February 13 – Thursday at 7:30 p.m.
February 14 – Friday at 7:00 p.m.*
February 15 – Saturday at 8:00 p.m.
February 16 – Sunday at 3:00 p.m.
Symphony No. 41 (“Jupiter”) in C major, K551
Wolfgang Amadè Mozart (1756-1791)
At a Glance
Mozart finished the score of this work, his last completed symphony, on August 10, 1788. The location and date of its first performance are not known. The nickname “Jupiter” (used mostly only in English-speaking countries) was probably suggested by Johann Peter Salomon (1745-1815), the German-born violinist and impresario who brought Haydn to London (and hoped to invite Mozart as well).
This symphony runs about 35 minutes in performance. Mozart scored it for flute, 2 oboes, 2 bassoons, 2 horns, 2 trumpets, timpani, and strings.
The Cleveland Orchestra first performed Mozart’s “Jupiter” Symphony during the 1922-23 season under founding music director Nikolai Sokoloff. It has been performed quite frequently since then, most recently in 2018 under the baton of Herbert Blomstedt.
The Cleveland Orchestra recorded this symphony in 1955 (mono) and again in 1963 (stereo) with George Szell, and in 1990 with Christoph von Dohnányi.
About the Music
On Friday, July 25, 1788, Mozart finished his new Symphony in G minor, today known as No. 40. It was his second in that key. He had also very recently composed a Symphony in E-flat major (No. 39).
Nevertheless, Mozart turned immediately to creating yet another symphony, destined to be his last. This one was in C major, and came to be designated decades later as his Symphony No. 41, and given the nickname “Jupiter” (mostly in English-speaking countries). It took him no more than two weeks and two days to complete this score, probably less, and he entered it in his own catalog of works on August 10.
It was not unusual that he should compose so fast, but it was odd that he should compose three such substantial works without a performance in view. As far as we know, no impresario had invited him to present concerts, and no publisher had asked him for symphonies (which were not as easy to market as concertos). Mozart was not competing with other composers, at least no more than usual, and in any case he disdained such motives.
The only explanation, widely accepted by historians today, is that he planned to mount his own concerts in Vienna during the autumn and winter seasons, and would need new works to draw in the public. No mention of such plans is found in his letters or in the press, however, but there was little reason why such an idea should have progressed further than a few discussions in Viennese cafés with possible collaborators and patrons.
Such letters as have survived from this period speak of Mozart being: a.) madly busy, and b.) desperate for money. If he was planning concerts, both of these would apply.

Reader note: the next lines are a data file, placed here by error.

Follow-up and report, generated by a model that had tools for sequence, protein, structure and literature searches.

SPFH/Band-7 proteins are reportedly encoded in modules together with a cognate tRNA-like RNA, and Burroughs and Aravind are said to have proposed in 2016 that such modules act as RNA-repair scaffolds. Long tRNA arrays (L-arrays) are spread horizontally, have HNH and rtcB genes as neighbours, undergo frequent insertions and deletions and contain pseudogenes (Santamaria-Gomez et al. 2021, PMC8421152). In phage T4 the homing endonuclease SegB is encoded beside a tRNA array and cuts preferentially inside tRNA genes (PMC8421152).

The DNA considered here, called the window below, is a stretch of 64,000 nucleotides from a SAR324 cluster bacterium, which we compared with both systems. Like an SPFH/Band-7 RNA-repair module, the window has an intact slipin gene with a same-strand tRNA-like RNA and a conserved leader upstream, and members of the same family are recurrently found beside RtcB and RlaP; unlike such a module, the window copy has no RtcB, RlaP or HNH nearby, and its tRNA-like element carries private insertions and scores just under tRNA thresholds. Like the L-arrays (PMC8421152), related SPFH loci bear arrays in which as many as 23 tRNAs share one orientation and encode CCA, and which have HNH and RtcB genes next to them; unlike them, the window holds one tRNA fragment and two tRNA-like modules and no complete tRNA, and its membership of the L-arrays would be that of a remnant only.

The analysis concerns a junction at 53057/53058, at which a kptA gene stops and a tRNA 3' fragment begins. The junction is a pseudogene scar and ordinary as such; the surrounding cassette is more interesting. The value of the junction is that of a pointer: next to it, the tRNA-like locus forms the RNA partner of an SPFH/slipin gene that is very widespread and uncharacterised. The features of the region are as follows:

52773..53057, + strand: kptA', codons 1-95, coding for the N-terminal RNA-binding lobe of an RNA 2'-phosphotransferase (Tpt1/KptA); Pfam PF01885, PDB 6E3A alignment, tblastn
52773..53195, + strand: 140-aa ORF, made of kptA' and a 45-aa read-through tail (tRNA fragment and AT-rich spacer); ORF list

Still, no such concerts were given. In fact, in the three years of his life remaining, Mozart gave no more public concerts in Vienna and composed no more symphonies.
Thus, the great burst of symphonic composition in the summer of 1788 must therefore be seen as his last dream of giving regular concerts to enthusiastic Viennese audiences, as he had in 1783 and 1784.
All three of these final symphonies had to wait until after Mozart’s death to be published and performed. No first performance of the “Jupiter” has been identified, although the parts were published in 1793. The nickname itself was conferred by Johann Salomon, the German impresario who settled in London in 1781 and secured Haydn’s two long visits, with twelve new symphonies. It is highly likely that he presented the “Jupiter” sometime in London before his death in 1815.
All four movements vie with one another for the greatness that the term Jupiter implies, but the finale fourth movement stands out for its miraculous combination of fugue and symphonic form. The four equal notes that begin the finale are both a fugue subject and the first theme of the movement. Mozart then introduces new themes which turn out in due course to be counterpoints to the four-note subject. The movement’s development section is where complexity begins to take over, although not until the extended coda are all the counterpoints heard together in a magnificent tour de force. At the same time, the energy and positive spirit of the finale make a solid, satisfactory conclusion to the whole work.
The first three movements are scarcely less impressive. The slow movement stands out for the way in which its innocent opening generates a movement of great intensity, with harmony sometimes as dissonant as anyone could imagine in 1788, and decorative figures in the winds which are by no means simply decorative. The balance between winds and strings is the most ingenious and resourceful that Mozart ever achieved — and he did it without calling for clarinets, an instrument he understood so well and had begun using in orchestral writing.
At the time Mozart penned his last three symphonies, Haydn still had a dozen yet to write. Great though that composer’s “London” Symphonies are, however, many musicians believe that it is Mozart’s “Jupiter” that crowned the 18th century’s enormous legacy of the Classical orchestral symphony — a legacy that Beethoven single-handedly transformed while re-setting the stage for the Romantic Era of the next century.
—Hugh Macdonald © 2020
Hugh Macdonald is Avis H. Blewett Professor Emeritus of Music at Washington University in St. Louis. He has written books on Beethoven, Berlioz, Bizet, and Scriabin.